Consider the following facts.
According to The Prevention of Cruelty to Animals Act, 1960, in India, you can get away with being cruel to most animals by paying a fine of anything between Rs 10 and Rs 50. That won't even buy you a decent cup of coffee in most cities in this country. If you repeat the offence within three years, the penalty may go up to anything between Rs 25 and Rs 100. You could also be thrown in jail for three months. But that's about it.
The chances of anyone ending up in an Indian prison for kicking around a stray dog or cat are slim. Only the bovine species enjoy special privileges here. Cows now have a dedicated 24-hour helpline in Haryana to prevent theft and mishandling.
Over the last few days, the nation has been following with bated breath the story of a dog, now christened 'Badhra', who was thrown off the roof of a multi-storey building in Chennai by two medical students. It was not enough for these men to have simply committed such a crime; they also decided to record it on camera and broadcast it on social media.
The debased bravado of these men was condemned almost unanimously. The torturers have been suspended by their college for their regressive actions. But what has the law been able to offer to the poor animal in terms of redress? Just the aforementioned fines of Rs 10 and Rs 50 to the offenders as punishment for the crime committed, followed by almost instant release on bail.
Having walked away scot-free with such minor consequences, these men can indulge in their sick fantasies once again with impunity, as long as they can pay the higher fine of Rs 100 and face the idea of doing time for a couple of months. If they do not make the mistake of flashing their atrocities to the world a second time, it is more likely they won't even have to worry about such matters.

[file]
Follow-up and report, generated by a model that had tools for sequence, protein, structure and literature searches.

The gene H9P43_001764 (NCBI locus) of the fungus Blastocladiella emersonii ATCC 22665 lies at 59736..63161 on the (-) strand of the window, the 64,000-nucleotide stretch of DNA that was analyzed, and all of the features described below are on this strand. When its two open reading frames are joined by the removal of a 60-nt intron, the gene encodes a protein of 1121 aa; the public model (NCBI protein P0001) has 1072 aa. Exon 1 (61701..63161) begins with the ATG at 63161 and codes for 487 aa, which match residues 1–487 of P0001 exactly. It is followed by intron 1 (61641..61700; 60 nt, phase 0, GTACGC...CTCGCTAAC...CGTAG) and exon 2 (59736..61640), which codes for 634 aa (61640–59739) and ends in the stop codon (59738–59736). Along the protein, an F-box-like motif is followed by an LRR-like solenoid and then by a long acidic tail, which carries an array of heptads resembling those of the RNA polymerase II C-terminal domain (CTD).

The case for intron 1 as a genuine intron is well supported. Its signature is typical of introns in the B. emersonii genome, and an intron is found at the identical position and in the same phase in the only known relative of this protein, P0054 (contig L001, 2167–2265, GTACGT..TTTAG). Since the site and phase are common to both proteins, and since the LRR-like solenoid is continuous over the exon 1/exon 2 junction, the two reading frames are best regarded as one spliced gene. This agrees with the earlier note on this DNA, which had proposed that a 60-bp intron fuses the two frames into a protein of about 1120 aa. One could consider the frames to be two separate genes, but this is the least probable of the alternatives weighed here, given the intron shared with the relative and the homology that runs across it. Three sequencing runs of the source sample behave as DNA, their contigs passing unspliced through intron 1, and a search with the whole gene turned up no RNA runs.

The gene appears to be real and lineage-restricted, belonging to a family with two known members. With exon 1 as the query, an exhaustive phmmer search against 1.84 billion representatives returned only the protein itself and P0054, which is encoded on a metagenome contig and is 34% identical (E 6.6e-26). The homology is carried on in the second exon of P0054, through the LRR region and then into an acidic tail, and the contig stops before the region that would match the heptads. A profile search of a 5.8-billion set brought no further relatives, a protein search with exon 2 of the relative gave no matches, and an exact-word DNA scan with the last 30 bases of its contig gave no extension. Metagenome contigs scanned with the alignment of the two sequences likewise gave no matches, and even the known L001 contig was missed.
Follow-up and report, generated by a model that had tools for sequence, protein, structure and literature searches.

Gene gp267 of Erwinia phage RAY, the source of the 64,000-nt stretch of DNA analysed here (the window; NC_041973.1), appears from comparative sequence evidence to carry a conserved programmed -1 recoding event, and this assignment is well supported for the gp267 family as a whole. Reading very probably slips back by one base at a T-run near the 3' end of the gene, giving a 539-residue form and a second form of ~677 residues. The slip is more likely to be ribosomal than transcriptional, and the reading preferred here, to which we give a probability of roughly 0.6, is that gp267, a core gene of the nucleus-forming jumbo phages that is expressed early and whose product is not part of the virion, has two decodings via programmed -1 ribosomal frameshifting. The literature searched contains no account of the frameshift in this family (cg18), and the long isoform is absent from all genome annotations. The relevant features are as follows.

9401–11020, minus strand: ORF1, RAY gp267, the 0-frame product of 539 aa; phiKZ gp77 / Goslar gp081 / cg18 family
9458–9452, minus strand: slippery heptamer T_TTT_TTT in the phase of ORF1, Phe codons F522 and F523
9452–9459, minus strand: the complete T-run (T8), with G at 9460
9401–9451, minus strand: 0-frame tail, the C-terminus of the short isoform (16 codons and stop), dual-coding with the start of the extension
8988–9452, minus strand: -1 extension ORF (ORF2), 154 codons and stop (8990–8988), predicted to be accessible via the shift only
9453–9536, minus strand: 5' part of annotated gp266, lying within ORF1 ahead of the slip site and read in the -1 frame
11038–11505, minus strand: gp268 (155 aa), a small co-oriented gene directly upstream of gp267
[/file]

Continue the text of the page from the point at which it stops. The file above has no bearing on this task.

Remember, these men are more part of the norm than the exception in this country. While incidents of casual cruelty abound in India every day, only the more spectacular ones reach the public eye and inspire outrage. Last month The News Minute reported an incident of 50 strays being sedated and burnt alive near Chennai. The reason behind this mass murder was the ostensible threat these dogs posed to the local goats and sheep.
In 2012, 100 dogs were found dead in Maduravoyal after being made to consume cyanide pills. Dogs in Sendurpuram, Vinayaganagar and Amman Nagar were killed and brought to D.R.R Nagar in Chennai, where they were buried near a pond, allegedly under the local panchayat's instructions.
Earlier this year, 50 community dogs were killed near the well-known Velankanni church in Tamil Nadu. Some of these animals were clubbed to death, while the others were strangled with a nylon rope. It was important for the roads to be cleared of these dogs for an annual festival, a prime tourist attraction, which was about to commence.
Earlier this year, an RTI application revealed that about 2,800 stray dogs were euthanized in Chennai over four years. While Rule 9 of the Animal Birth Control Rules (Dogs), 2001, allows for the mercy killing of mortally ill or wounded dogs under the supervision of a veterinarian, the culling in Chennai did not explain, with any degree of transparency, how these animals were selected in this drive. A good many of those killed, under this reckless 'catch and kill' policy, could probably have survived had they been given proper medical care and attention.
This list of horror stories stretches on and it will get lengthier each day – until the law makers decide to mete out the harshest penalty for offenders of animal cruelty. While it is heartening to see collective outrage over such unspeakable incidents on social media – and it is important to call out even the slightest of transgressions and
publicly shame the perpetrators – real change can only come with more stringent legal consequences. The law needs to instill the fear of the most severe punishment in those who contemplate such acts of cruelty in order to act as an effective deterrent.
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